March is National Developmental Disabilities Awareness Month, which presents an opportunity for all of us to increase our awareness of the challenges that come with various disabilities and play our part in making society more inclusive.
Ableism — discrimination in favor of able-bodied or able-minded people — is pervasive in American society. Most ableism isn’t identifiable through animosity. It’s the small things, like how many of New York City’s subway stations are non-wheelchair accessible, or the way that many technologies are, by default, exclusive of people who are blind or deaf.
There’s discrimination and exclusion in daily life, in employment, in education and more. As a national adoption agency with more than 25 years of experience, we have seen attitudes and ideas about children who have mental and physical disabilities shift within the adoption community over time. In celebration of National Developmental Disabilities Awareness Month, we wanted to take a look at a few big ideas around disability and adoption.
To help increase awareness, you can participate in National Developmental Disabilities Awareness Month by sharing this blog or other helpful resources with your friends and family. In the meantime, here are some important things to know about the interaction between adoption and disabilities.
If you have a disability, you can still consider adoption.
Starting a family through adoption is not an exclusive option for able-bodied people. Many years ago, this may have been how people thought. But today’s world is (thankfully) more inclusive. A hopeful parent with disabilities can consider adoption.
The adoption process can be challenging. It’s complicated and long, not to mention emotional. Most families approach it with excitement but also with nervousness. Those feelings may be amplified if you are worried about how your disability could impact your adoption process.
Every person and every process is unique. You are sure to face challenges that are specific to you, and that may or may not have anything to do with your disability. The best thing you can do if you are interested in adoption is to speak with a specialist. You can call 1-800-ADOPTION any time to ask questions and learn more (this call is always free).
There are more than 50,000 children with disabilities waiting for adoption.
There is a serious need for prepared parents who are open to adopting a child who has disabilities. The National Adoption Center estimates that up to 134,000 children waiting for a family through adoption have “special needs,” which are defined in this case as any risk factor that makes placement more challenging. Of those 134,000, it is estimated that up to half have a developmental disability of some kind.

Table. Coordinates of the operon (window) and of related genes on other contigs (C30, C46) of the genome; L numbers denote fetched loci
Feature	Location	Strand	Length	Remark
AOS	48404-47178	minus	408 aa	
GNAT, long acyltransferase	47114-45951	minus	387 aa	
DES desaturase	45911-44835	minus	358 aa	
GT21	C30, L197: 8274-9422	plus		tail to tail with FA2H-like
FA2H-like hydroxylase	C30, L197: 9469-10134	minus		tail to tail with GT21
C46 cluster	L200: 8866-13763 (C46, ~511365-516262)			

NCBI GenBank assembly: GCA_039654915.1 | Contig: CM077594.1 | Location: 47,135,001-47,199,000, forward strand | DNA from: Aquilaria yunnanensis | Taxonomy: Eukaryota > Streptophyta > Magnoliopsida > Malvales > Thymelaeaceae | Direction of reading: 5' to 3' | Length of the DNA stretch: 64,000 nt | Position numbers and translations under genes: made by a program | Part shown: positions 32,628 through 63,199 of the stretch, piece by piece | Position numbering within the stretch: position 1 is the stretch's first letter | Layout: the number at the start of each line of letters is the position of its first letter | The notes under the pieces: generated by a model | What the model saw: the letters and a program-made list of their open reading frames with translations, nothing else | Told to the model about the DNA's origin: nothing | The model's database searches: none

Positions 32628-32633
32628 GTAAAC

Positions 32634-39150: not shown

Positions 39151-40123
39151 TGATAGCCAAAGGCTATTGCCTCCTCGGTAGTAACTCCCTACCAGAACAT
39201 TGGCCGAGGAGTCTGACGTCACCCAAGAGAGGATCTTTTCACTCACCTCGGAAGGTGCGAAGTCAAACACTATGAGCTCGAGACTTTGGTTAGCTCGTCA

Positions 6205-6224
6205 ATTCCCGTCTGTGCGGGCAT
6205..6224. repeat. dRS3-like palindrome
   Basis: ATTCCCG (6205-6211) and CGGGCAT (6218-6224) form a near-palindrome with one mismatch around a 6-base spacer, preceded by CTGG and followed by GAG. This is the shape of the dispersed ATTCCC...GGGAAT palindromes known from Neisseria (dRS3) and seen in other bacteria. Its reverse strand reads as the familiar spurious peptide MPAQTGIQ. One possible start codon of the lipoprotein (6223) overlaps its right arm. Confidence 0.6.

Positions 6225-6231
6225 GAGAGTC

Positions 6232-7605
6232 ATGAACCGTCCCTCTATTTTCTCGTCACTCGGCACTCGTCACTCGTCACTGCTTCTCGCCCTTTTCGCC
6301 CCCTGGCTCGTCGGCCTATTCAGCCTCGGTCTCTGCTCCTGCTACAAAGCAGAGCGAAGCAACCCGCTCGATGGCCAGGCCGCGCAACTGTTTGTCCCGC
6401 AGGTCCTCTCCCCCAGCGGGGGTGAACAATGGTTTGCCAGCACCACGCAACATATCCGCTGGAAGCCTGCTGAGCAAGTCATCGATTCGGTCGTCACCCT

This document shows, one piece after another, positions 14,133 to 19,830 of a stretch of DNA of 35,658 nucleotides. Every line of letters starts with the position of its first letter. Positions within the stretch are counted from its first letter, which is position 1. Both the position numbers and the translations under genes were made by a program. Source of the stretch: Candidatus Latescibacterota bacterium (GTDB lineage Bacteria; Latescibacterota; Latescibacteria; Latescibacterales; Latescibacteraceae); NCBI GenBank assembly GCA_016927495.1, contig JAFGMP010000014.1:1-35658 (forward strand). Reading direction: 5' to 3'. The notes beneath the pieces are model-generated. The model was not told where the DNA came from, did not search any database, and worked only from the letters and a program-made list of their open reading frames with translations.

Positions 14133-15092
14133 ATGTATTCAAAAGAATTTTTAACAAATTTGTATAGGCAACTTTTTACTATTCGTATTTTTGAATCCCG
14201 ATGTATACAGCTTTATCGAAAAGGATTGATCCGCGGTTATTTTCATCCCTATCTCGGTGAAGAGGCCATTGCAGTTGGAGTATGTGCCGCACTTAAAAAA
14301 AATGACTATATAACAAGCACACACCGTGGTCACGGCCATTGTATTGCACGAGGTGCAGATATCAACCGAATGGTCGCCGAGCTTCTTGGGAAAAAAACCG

Adopting a child with a disability, just like any other kind of parenting, is not easy. However, it can be an amazing way to start your family. We encourage hopeful parents to think long and hard about this choice. When you start your adoption process, you’ll be given an adoption planning questionnaire (APQ) to fill out. Your APQ is where you set the boundaries for your adoption — what you are and are not comfortable with in adoption opportunities.
Be honest with yourself, and don’t stretch to be idealistic. If you do believe you have the means and heart to adopt a child who has disabilities, then we encourage you to be open to these opportunities on your APQ.
If you have questions about the APQ and adoption opportunities, the best thing you can do is talk to your adoption specialist.
There are adoption professionals who specialize in placements of children with disabilities.
If you are open to adopting a child with disabilities, American Adoptions would be happy to work with you. We also know of several trustworthy organizations that work specifically in this area of adoption. For information and resources, you could also look to:
The way we speak matters.
You may have noticed that this blog has yet to use the phrase “disabled child.” Rather, we have been saying “a child with disabilities” or “a person who has a disability.” As we increase our awareness during National Developmental Disabilities Awareness Month, it’s also important to increase our understanding in areas such as this.
Language matters. When we place the disability before the person, we are defining them by the disability. It may seem like a small change, but it is much better to put the person first. All of us are first and foremost people, worthy of dignity and not defined by our abilities.
There are several things to consider about adoption and disabilities.
If you are a hopeful parent considering adoption, you may now be thinking about what it would be like to adopt a child with disabilities. There’s a lot to consider. Ultimately, it is your choice. You know what is best for your family and what you are capable of as a parent.
It’s a good idea to ask yourself these questions:
- What disabilities are we ready to help manage?
- How will our health insurance help if we have a child with disabilities?
- Are we financially prepared for any additional costs that could come with caring for a child who has a disability?
- Are we prepared to make sacrifices in order to meet our child’s special needs?
- Do we have a support network for when things become challenging?
Contact us today to learn more.
If adopting a child with disabilities is something you think would be right for your family, or if you are living with disabilities and would like to adopt, please contact us today. You can call to speak with an adoption specialist at 1-800-ADOPTION or request more free information online.
National Developmental Disabilities Awareness Month is a time to educate ourselves and others about the unique challenges faced by people living with physical and mental disabilities. During this month, we can become more aware and inclusive in all areas of life, including adoption.